The next speaker was Ivo Degn, the co-founder of Climate Farmers who discussed the importance of regenerative agriculture and the need to build the necessary infrastructure to support its growth in Europe. Ivo talked about the necessity for outcome-based incentivisation of farmers for a regenerative and climate-positive agricultural sector. IoT technology and satellite technology are already helping regenerative farming by assessing and quantifying the ecological impacts of agriculture. In addition, through bottom-up innovation, Ivo outlined how we can harness innovation coming from farmers to further promote regenerative agriculture.
Alexander Berlin, CEO of Berlin Thinking Consulting was up next and discussed how IoT can leverage transformation, based on findings from IoF2020. Alexander presented several of the IoF2020 use cases, demonstrating how there is massive potential in IoT use on-farms, from reducing water and fertilizer use to improving plant protection. He also mentioned the H2020 project ATLAS which is building on the IoF2020 work on connected farm machines and connected data. ATLAS aims to build an open, distributed and extensible data Interoperability Network, based on a service-oriented architecture which will offer a high level of scalability from a single farm to a global community. Alexander also spoke about the need to bring innovation actors and networks together, streamlining the activities and the important role of SmartAgriHubs.
The final speaker of the morning session was Joel Cuello, Vice Chair of the Association for Vertical Farming who outlined how vertical farming has the potential to transform the agriculture sector. However, one of the key challenges is the need to innovate. IoT technology has now resulted in three paradigms of Vertical Farming:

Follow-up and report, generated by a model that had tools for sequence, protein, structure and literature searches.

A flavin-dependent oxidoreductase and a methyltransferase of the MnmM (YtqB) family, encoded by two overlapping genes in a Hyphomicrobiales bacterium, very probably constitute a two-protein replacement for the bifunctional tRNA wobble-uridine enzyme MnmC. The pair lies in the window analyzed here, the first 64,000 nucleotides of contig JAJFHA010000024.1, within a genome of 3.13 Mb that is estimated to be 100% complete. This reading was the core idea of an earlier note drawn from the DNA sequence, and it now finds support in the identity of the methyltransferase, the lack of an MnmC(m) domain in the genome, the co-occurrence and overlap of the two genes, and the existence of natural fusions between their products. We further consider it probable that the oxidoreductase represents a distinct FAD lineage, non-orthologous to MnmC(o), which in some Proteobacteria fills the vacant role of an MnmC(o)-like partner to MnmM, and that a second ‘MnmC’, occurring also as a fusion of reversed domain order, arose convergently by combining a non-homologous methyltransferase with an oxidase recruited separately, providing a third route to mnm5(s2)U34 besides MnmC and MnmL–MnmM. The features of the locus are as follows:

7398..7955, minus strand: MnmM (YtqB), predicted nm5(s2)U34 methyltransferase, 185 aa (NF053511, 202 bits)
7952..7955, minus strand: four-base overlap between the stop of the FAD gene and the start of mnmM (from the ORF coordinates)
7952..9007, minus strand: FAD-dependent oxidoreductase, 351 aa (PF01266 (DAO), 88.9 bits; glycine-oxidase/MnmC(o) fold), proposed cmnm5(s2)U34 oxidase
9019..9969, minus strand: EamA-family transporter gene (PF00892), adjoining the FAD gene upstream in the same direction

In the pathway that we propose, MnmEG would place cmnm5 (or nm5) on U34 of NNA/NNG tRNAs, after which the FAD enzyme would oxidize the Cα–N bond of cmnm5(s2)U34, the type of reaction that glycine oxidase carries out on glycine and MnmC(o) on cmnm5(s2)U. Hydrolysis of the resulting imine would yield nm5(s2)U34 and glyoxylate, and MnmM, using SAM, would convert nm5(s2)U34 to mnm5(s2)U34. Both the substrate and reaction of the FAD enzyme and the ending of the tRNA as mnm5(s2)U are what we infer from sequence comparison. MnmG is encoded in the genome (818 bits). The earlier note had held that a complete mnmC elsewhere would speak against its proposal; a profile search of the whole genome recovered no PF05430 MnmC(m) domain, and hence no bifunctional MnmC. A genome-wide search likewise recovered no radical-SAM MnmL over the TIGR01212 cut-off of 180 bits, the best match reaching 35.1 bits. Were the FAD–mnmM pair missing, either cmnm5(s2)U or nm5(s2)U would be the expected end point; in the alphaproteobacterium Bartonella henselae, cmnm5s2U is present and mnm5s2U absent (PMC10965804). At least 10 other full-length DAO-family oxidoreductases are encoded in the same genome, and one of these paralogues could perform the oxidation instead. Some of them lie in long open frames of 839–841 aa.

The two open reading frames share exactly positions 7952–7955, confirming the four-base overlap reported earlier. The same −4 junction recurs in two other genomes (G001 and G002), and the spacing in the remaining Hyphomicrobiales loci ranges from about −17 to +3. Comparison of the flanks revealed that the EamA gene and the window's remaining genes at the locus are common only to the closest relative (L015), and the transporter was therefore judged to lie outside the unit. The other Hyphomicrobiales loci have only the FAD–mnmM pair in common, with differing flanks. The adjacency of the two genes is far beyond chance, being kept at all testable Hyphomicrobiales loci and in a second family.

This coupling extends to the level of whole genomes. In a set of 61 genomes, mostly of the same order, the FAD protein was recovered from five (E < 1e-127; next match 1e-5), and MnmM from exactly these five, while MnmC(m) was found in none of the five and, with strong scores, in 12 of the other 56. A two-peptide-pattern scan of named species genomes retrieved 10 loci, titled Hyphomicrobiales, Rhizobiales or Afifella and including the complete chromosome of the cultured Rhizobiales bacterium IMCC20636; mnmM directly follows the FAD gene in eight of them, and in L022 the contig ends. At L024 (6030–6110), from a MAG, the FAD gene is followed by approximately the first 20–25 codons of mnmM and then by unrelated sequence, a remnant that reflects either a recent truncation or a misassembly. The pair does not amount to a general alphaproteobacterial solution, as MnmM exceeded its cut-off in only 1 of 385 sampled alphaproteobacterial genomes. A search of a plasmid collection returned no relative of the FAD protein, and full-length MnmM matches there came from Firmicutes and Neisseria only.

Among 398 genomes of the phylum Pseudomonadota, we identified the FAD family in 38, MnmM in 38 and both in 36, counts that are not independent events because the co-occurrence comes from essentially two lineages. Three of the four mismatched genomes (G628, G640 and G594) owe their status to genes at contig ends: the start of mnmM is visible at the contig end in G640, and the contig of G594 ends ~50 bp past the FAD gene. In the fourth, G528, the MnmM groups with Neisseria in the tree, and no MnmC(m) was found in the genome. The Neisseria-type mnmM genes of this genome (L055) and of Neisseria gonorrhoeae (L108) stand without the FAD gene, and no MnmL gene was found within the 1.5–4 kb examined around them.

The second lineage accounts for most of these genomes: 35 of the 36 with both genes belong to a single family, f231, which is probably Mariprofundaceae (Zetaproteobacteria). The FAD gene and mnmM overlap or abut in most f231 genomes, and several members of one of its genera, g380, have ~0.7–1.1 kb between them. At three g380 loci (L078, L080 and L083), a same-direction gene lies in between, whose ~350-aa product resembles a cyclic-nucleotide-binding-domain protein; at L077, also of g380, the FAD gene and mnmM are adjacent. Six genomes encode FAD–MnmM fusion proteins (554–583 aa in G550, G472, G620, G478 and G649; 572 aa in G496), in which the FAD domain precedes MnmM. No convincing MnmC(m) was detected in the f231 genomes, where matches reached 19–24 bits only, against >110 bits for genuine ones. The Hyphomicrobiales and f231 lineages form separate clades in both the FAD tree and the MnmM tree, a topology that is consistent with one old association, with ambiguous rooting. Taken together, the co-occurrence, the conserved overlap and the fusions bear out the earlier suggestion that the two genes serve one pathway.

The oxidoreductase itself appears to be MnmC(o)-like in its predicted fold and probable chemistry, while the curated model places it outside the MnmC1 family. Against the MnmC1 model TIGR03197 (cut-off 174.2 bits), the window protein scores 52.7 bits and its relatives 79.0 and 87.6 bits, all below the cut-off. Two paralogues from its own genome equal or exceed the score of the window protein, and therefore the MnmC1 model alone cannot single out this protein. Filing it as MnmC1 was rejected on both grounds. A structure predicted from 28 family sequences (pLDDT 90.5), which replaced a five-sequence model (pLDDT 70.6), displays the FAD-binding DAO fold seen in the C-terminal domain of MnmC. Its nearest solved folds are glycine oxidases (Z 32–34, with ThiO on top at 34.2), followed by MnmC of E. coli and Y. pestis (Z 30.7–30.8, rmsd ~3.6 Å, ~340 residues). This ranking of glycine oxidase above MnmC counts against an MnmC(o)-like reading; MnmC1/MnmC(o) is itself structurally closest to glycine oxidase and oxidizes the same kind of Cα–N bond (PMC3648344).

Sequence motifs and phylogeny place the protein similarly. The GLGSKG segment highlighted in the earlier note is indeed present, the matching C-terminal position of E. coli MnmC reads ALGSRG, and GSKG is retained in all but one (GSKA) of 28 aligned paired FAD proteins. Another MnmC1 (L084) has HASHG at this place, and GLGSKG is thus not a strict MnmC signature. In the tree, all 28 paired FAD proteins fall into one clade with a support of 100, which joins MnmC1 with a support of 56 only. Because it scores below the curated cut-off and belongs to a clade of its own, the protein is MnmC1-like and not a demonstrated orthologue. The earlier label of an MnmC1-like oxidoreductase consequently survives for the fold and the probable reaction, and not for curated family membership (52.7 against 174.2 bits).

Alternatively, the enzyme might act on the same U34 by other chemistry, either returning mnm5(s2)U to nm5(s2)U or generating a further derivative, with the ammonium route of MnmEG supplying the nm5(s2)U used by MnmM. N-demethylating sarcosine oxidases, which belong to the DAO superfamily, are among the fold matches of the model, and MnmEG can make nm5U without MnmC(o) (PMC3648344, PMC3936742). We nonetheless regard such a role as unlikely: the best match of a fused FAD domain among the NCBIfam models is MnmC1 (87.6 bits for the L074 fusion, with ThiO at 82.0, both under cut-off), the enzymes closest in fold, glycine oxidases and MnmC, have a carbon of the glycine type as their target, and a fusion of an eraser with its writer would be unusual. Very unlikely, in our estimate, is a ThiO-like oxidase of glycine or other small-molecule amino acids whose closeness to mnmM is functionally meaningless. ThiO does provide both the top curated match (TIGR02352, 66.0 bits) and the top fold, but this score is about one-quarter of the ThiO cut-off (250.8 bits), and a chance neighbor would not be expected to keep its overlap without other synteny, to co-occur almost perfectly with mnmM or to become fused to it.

- Network vertical farming: This is a distributed modular farm where operators can remotely regulate the environment in growth chambers. This promotes sustainability, saving on water, and fertilizers and has become popular in cities around the world.
- Mobile vertical farm: This is where robotics and automation are deployed to remotely control the farm.
- Sustainable vertical farm: This is where renewable energy such as solar or wind or indeed renewable natural gas such as waste biomass is used to power the vertical farm.
An interesting Q&A session followed discussing the need for energy efficiency in farming, understanding what a common agricultural data space might look like, highlighting the importance of getting feedback from farmers and promoting the need for transparency from all actors in the agri-food chain.